A vital part of New York’s avant-garde art scene from the late 1950s to the early 1970s, Yayoi Kusama developed a distinctive style utilizing approaches associated with Abstract Expressionism, Minimalism, Pop art, Feminist art, and Institutional Critique—but she always defined herself in her own terms. “I am an obsessional artist,” she once said. “People may call me otherwise, but…I consider myself a heretic of the art world.”1

Kusama was born in 1929 into a well-off but dysfunctional family in Nagano, Japan. Largely shielded from the horrors of World War II, she was, as she has claimed, nevertheless scarred by her mother’s cruelty, her father’s infidelities, and her family’s discouragement of her interest in art making. She started painting at the age of 10 when she began experiencing the visual and aural hallucinations that would plague her, while also fueling her creativity, for the rest of her life. She has maintained that her “artwork is an expression of my life, particularly of my mental disease.”2

After a stint studying traditional Japanese painting in Kyoto, Kusama left school and moved to New York in 1958. There she felt she could pursue her art unfettered—and make waves. “When I arrived in New York, action painting was the rage…” she reflected. “I wanted to be completely detached from that and start a new art movement.”3 She began by making large-scale monochromatic paintings, for which she quickly gained critical attention. By the 1960s, the prolific artist was producing paintings, drawings, sculpture, Happenings, installation, fashion, and film. In 1969, she founded Kusama Enterprises, a commercial outlet selling clothing, bags, and even cars. These products feature her singular aesthetic, characterized by her liberal use of polka dots and dense, repeating patterns to create a sense of infinity.

In 1973, Kusama returned to Japan. Two years later, seeking treatment for her obsessive-compulsive neurosis, she entered a facility where she lives and works to this day. She continues to produce paintings and sculpture, and, in the 1980s, added poetry and fiction to her range of creative pursuits.

Introduction by Karen Kedmey, independent art historian and writer, 2017


  1. Grady T. Turner, "Yayoi Kusama." BOMB 66, Winter 1999, http://bombmagazine.org/article/2192/yayoi-kusama.

  2. Grady T. Turner, "Yayoi Kusama." BOMB 66, Winter 1999, http://bombmagazine.org/article/2192/yayoi-kusama.

  3. Grady T. Turner, "Yayoi Kusama." BOMB 66, Winter 1999, http://bombmagazine.org/article/2192/yayoi-kusama.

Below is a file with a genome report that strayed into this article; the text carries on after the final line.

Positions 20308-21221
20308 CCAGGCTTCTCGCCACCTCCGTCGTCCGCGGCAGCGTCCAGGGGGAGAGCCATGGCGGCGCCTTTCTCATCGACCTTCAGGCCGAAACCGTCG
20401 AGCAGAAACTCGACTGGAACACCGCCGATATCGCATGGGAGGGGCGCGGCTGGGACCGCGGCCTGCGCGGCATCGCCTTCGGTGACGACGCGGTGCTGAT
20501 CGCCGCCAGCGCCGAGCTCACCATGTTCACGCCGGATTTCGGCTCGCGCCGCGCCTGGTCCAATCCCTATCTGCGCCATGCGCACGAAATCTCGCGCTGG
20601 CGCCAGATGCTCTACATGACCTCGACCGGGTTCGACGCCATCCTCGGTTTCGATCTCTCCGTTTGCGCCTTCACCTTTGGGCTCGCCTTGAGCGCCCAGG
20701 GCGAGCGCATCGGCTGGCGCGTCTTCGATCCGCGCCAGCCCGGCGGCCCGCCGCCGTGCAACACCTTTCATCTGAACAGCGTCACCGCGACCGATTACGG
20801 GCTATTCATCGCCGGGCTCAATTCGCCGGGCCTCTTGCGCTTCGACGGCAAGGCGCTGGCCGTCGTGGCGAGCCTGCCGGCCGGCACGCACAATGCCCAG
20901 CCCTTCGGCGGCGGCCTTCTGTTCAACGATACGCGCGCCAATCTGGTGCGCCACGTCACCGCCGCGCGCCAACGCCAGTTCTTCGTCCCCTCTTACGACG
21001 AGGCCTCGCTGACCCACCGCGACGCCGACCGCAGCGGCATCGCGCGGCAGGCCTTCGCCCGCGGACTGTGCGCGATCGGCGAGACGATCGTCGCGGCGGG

The research for this text was supported by a generous grant from The Modern Women's Fund.

Wikipedia entry
Introduction
Yayoi Kusama (草間 彌生, Kusama Yayoi, born 22 March 1929) is a Japanese contemporary artist who works primarily in sculpture and installation, but is also active in painting, performance, film, fashion, poetry, fiction, and other arts. Her work is based in conceptual art and shows some attributes of feminism, minimalism, surrealism, Art Brut, pop art, and abstract expressionism, and is infused with autobiographical, psychological, and sexual content. She has been acknowledged as one of the most important living artists to come out of Japan.Kusama was raised in Matsumoto, and trained at the Kyoto City University of Arts in a traditional Japanese painting style called nihonga. Kusama was inspired, however, by American Abstract impressionism. She moved to New York City in 1958 and was a part of the New York avant-garde scene throughout the 1960s, especially in the pop-art movement. Embracing the rise of the hippie counterculture of the late 1960s, she came to public attention when she organized a series of happenings in which naked participants were painted with brightly coloured polka dots. Since the 1970s, Kusama has continued to create art, most notably installations in various museums around the world.Kusama has been open about her mental health. She says that art has become her way to express her mental problems. She reported in the interview she did with Infinity Net "I fight pain, anxiety, and fear every day, and the only method I have found that relieved my illness is to keep creating art. I followed the thread of art and somehow discovered a path that would allow me to live."
Wikidata
Q231121
Information from Wikipedia, made available under the Creative Commons Attribution-ShareAlike License
Getty record
Introduction
Kusama is known for her varied practice that includes painting, sculpture and room-sized installations. She moved to the US 1957, settling in New York City, and produced paintings influenced by abstract expressionism. She was active in New York in the 1960s creating sculpture and installations, and producing happenings.
Nationalities
Japanese, American
Gender
Female
Roles
Artist, Author, Writer, Collagist, Painter, Installation Artist, Performance Artist, Photographer, Sculptor, Video Artist
Names
Yayoi Kusama, Yayoi Nusama, 草間弥生, 草間彌生
Ulan
500122518
Information from Getty’s Union List of Artist Names ® (ULAN), made available under the ODC Attribution License

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